While solitude has its purposes and charms, many activities like teaching and learning benefit from partnership. Just as we at the Sherrerd Center believe that there are many different ways to teach well and that all teaching is improvable, we understand that there are a variety of different kinds of partnership (student-faculty, peer instructor, institutional, community, etc.) and all partnerships are improvable. During the 2018-19 and 2019-20 academic years, we plan to use partnership as a lens through which to make decisions regarding roughly half of our Teaching Arts Luncheon programming.

Such programs might privilege pursuing such questions as:

  • What conditions make for the most fruitful partnerships?
  • What have we learned from the student-faculty pedagogical partnership program?
  • What other kinds of student-faculty partnership ought the College support, develop, and sustain
  • Can all students be partners in teaching and learning?
  • How can we enable collaborative learning in and out of the classroom?
  • In what ways can partnerships between the curricular and co-curricular be enhanced?
  • What barriers exist and how might we lower them for colleagues to engage in collaborative teaching?
  • How can we better support staff partnerships with students and faculty?
  • What would greater collaboration between different units of the campus enable?

In Engaging Students as Partners in Learning and Teaching, Alison Cook-Sather et al. argue that good partnerships require respect, reciprocity, and shared responsibility. We resolve to work together to ensure that our partnerships at Smith College follow these principles.

In 2015, the members of the advisory board of the Sherrerd Center decided to be more intentional than usual regarding our programming for 2016–18. We surveyed attendees at Teaching Arts Luncheons, talked with other members of the Smith community and conducted an online survey to collect suggestions for future topics. Ultimately, we decided to focus on creating inclusive learning environments after receiving a large number of requests for programming on that topic. Hence, we have selected Teaching Arts Luncheon topics and invited guest speakers like Kelly Mack and Beverly Daniel Tatum to promote this aim. From the start, however, we understood that the word “inclusive” was in danger of becoming meaningless, so we have been drafting and revising the following statement in the attempt to clarify our intent. We welcome suggestions for revision.

During 2016–18, the Sherrerd Center will focus on enhancing our abilities to create and sustain effective and inclusive learning environments, regardless of whether course content areas directly engage with controversial topics. An inclusive learning community—as opposed to simply a diverse one—is one in which everyone's voice is equally encouraged and welcomed. But this kind of community is what inclusion is all about. There are no formulae for achieving this. Hence, we will pay special attention to fostering conversations, workshops and other programming about how to create inclusive learning communities.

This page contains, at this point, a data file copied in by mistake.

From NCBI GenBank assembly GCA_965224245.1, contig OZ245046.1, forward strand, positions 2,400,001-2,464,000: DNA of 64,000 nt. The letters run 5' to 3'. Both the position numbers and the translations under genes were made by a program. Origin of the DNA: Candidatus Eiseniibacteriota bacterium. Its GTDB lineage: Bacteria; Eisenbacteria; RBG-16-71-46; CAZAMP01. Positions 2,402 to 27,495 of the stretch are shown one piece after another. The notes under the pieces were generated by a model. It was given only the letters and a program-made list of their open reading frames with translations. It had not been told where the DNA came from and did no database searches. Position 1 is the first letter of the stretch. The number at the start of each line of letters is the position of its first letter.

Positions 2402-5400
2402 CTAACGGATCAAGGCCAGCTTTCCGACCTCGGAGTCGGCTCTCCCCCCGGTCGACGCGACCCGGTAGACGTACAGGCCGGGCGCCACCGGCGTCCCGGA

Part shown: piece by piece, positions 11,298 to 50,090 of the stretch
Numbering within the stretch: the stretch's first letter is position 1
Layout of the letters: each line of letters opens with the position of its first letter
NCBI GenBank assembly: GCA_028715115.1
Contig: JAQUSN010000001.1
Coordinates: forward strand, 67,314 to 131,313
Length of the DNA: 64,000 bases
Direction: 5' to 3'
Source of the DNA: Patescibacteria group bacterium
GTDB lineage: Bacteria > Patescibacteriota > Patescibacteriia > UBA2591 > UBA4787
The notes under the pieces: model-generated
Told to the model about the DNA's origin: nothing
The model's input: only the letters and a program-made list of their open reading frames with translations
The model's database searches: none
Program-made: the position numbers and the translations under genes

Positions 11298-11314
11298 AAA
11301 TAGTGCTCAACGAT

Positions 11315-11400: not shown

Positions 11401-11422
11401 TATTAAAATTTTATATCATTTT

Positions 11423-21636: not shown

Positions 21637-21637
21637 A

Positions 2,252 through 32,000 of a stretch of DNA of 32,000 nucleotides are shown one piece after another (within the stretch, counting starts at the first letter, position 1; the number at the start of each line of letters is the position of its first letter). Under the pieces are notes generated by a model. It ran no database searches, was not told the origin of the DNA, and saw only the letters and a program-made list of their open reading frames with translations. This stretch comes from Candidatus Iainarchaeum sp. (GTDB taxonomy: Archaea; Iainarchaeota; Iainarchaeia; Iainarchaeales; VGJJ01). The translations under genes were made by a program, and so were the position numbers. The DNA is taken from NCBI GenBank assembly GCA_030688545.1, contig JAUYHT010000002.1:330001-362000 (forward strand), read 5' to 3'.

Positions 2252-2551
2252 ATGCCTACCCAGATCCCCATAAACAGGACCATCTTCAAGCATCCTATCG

What can professors convey through their course planning, choice of materials, classroom practice and assessment to make deep learning accessible to all students? What must professors themselves need to learn so that they can best teach an ever more diverse student body? How can innovative pedagogies promote communities of reflective and creative learners capable of working, playing and solving the world’s problems together?

We do this work in the context of global and local challenges—some tragic and some mundane—that both threaten inclusiveness and make the creation of inclusive learning environments increasingly important. Some of these challenges seize the attention of the world, while others are felt privately. Instead of simply reacting to each challenge, our programs and collaborations seek to increase our communal preparedness, our individual empathy and our institutional commitment to inclusive teaching.

By the Numbers

Over five years, between academic years 2018–19 and 2022–23, the Sherrerd Center has held, offered, completed, or supported:


Teaching Arts Luncheons


Teaching Mentor consultations


Teaching Circles


Pedagogical Partnerships


Mid-Semester Assessments

Conferences image

Ask a Question

Tell us what help you’d like with identifying sources to enhance your teaching. For instance, are you curious about how to encourage discussion, help students transitioning into and out of classtime, design an online syllabus or set up a gradebook in Moodle? Staff at the Sherrerd Center for Teaching and Learning will review questions from Smith faculty and instructional staff and make every attempt to connect you with appropriate resources in a timely fashion. If you need assistance with teaching technology (e.g., your projector isn't working), please call classroom help at ext. 3474.

Send us an Email

Contact Sherrerd Center for Teaching & Learning

Bass Hall 416 & Seelye Hall B8
Smith College
Northampton, MA 01063